To start with, we were looking to immerse ourselves in nature, hoping to escape from the people, the noise and the fast pace of a standard existence. Then there’s always the search for a line, one we haven’t yet skied, one that we have to go looking for in a wild hidden valley deep in the mountains, with a poignant beauty. We were chasing a dream, a face or a couloir in perfect snow, a magical place waiting to be discovered.
Mikey Hovey comes from Jackson Hole in Wyoming, a genuine ski bum, travelling to ski. He’s been travelling with black crows for the last two winters. We met on the haute route (Chamonix / Zermatt), and I suggested he come to the Dolomites with me, so he telephoned his girlfriend back in the States and said he’d be back a week later than expected…
From San Martino, in the Dolomites, the best way to access the stunning couloirs is to take the Rosetta gondola, which takes you to the edge of “l’altiplano” at 2800m. I’ve been exploring these mountains for over 10 years now, and I’d never seen such good snow conditions for steep skiing. The weather looked to be on our side, with cold sunny weather every day, and the north faces were perfect for steep skiing.
The “Pale” couloir drops you straight into the grandiose atmosphere of the “Pales” (San Martino range). Once at the top of the lift, we stuck our skins on and set off, our progression was slow, I was maybe a bit tired but above all happy to be showing this place to a friend, enjoying the beauty of our surroundings and the warm late afternoon light. I don’t know why skiing gives me such a feeling of happiness and contentment, but I could see exactly the same thing in Mikey’s eyes.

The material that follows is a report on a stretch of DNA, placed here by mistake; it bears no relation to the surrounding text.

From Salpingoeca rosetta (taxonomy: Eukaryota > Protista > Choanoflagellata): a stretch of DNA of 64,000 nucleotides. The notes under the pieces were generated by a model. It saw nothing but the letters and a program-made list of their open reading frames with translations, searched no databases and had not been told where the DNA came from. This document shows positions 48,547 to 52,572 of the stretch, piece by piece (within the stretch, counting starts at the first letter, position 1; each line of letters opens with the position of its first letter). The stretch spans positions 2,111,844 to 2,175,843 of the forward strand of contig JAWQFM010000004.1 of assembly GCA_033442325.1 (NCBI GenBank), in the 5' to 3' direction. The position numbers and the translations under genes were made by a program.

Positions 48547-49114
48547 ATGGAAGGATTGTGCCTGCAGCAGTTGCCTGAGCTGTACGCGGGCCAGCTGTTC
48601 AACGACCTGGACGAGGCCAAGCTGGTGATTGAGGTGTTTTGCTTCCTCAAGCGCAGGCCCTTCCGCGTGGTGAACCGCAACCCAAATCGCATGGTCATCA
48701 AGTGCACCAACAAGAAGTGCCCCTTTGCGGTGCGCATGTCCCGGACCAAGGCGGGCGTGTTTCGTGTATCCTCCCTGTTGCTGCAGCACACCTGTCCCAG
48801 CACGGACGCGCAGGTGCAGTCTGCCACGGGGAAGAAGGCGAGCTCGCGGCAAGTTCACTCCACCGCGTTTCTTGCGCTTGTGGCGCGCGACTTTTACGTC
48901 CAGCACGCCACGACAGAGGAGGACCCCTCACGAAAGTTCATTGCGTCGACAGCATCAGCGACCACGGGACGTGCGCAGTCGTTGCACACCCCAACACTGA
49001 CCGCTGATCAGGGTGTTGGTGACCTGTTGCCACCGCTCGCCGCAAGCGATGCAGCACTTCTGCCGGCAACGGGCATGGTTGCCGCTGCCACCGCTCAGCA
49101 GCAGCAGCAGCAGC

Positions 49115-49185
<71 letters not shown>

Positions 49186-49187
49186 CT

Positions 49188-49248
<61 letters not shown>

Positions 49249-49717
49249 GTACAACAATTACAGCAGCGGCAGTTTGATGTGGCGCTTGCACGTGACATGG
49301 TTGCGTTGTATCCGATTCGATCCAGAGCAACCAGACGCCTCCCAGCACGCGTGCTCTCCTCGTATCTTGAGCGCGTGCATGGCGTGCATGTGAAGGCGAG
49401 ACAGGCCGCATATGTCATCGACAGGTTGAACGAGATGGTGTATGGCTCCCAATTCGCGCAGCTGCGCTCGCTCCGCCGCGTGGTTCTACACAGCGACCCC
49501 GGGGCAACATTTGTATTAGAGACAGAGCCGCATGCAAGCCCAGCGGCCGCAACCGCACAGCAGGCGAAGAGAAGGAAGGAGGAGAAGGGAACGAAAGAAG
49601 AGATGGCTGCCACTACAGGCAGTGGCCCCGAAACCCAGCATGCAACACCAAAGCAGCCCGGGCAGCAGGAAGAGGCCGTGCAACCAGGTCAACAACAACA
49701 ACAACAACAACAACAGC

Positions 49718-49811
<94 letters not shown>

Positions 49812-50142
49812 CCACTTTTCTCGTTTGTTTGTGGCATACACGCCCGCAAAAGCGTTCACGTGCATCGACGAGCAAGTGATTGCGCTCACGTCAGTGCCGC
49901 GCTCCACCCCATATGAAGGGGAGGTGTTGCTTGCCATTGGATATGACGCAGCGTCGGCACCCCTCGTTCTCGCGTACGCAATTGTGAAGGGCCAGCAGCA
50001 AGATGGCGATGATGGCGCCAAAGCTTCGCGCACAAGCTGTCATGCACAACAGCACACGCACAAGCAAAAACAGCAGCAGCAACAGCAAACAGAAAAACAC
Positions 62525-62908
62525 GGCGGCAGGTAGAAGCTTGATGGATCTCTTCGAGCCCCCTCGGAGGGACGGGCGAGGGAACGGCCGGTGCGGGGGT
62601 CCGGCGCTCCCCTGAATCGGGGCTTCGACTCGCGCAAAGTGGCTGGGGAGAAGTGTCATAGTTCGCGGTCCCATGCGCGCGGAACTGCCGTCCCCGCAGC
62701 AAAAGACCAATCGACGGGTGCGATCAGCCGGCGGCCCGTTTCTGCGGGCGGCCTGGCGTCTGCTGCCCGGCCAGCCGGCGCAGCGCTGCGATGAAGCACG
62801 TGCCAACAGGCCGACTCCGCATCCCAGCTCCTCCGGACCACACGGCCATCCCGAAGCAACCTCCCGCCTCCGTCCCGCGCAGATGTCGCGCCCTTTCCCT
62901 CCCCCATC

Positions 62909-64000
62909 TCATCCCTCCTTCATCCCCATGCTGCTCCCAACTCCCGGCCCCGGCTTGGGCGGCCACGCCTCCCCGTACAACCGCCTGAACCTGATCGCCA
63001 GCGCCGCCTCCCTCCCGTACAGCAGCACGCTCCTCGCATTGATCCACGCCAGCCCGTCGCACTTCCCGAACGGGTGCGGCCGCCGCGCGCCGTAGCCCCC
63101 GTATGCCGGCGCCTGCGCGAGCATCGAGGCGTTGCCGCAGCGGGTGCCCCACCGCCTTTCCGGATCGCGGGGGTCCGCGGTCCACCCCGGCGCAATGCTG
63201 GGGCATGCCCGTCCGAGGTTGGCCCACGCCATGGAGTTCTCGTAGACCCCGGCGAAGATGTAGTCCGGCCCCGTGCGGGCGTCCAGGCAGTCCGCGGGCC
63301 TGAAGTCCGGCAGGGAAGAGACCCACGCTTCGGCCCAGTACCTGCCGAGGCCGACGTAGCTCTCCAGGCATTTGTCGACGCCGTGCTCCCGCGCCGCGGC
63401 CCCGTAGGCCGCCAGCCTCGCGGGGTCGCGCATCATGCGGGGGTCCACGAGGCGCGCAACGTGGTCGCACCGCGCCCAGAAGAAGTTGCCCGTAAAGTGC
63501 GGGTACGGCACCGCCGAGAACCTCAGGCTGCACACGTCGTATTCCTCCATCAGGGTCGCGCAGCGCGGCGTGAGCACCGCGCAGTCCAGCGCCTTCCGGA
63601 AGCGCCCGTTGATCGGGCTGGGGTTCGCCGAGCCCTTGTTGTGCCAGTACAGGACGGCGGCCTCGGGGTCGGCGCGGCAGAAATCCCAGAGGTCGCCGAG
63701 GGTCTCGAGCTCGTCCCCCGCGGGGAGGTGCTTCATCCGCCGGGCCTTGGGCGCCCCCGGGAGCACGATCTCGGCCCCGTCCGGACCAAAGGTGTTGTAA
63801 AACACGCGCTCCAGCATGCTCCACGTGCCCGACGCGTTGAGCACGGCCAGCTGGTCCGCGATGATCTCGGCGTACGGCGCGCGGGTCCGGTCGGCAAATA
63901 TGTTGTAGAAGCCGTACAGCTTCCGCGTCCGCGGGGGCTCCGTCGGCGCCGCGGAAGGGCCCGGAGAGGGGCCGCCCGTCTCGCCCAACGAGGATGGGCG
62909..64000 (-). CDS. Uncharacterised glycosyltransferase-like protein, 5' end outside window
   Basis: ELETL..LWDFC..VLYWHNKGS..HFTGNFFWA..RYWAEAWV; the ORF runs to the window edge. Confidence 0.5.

The next three days were filled good surprises and we skied either alone or with some of the local riders. I was happy to revisit the classic descents of San Martino in great conditions and share it with Mikey. During one of the many long climbs, he told me, with a certain pride, that he hadn’t gone more than one day without skiing this winter. His passion and motivation were contagious. He explained how he painstakingly earned his money in the summer to be free to ski all winter.
We set off at dawn and returned late at the end of each day, our faces burnt by the sun, our gloves and socks stinking from the effort, so we’d light the old wood burner and put them to dry with our skins ready for the next day. Polvo, my cat, who had seen this strange guy arrive in his territory, had also fallen for his charm and I watched, surprised, as he rubbed against his legs when we arrived home.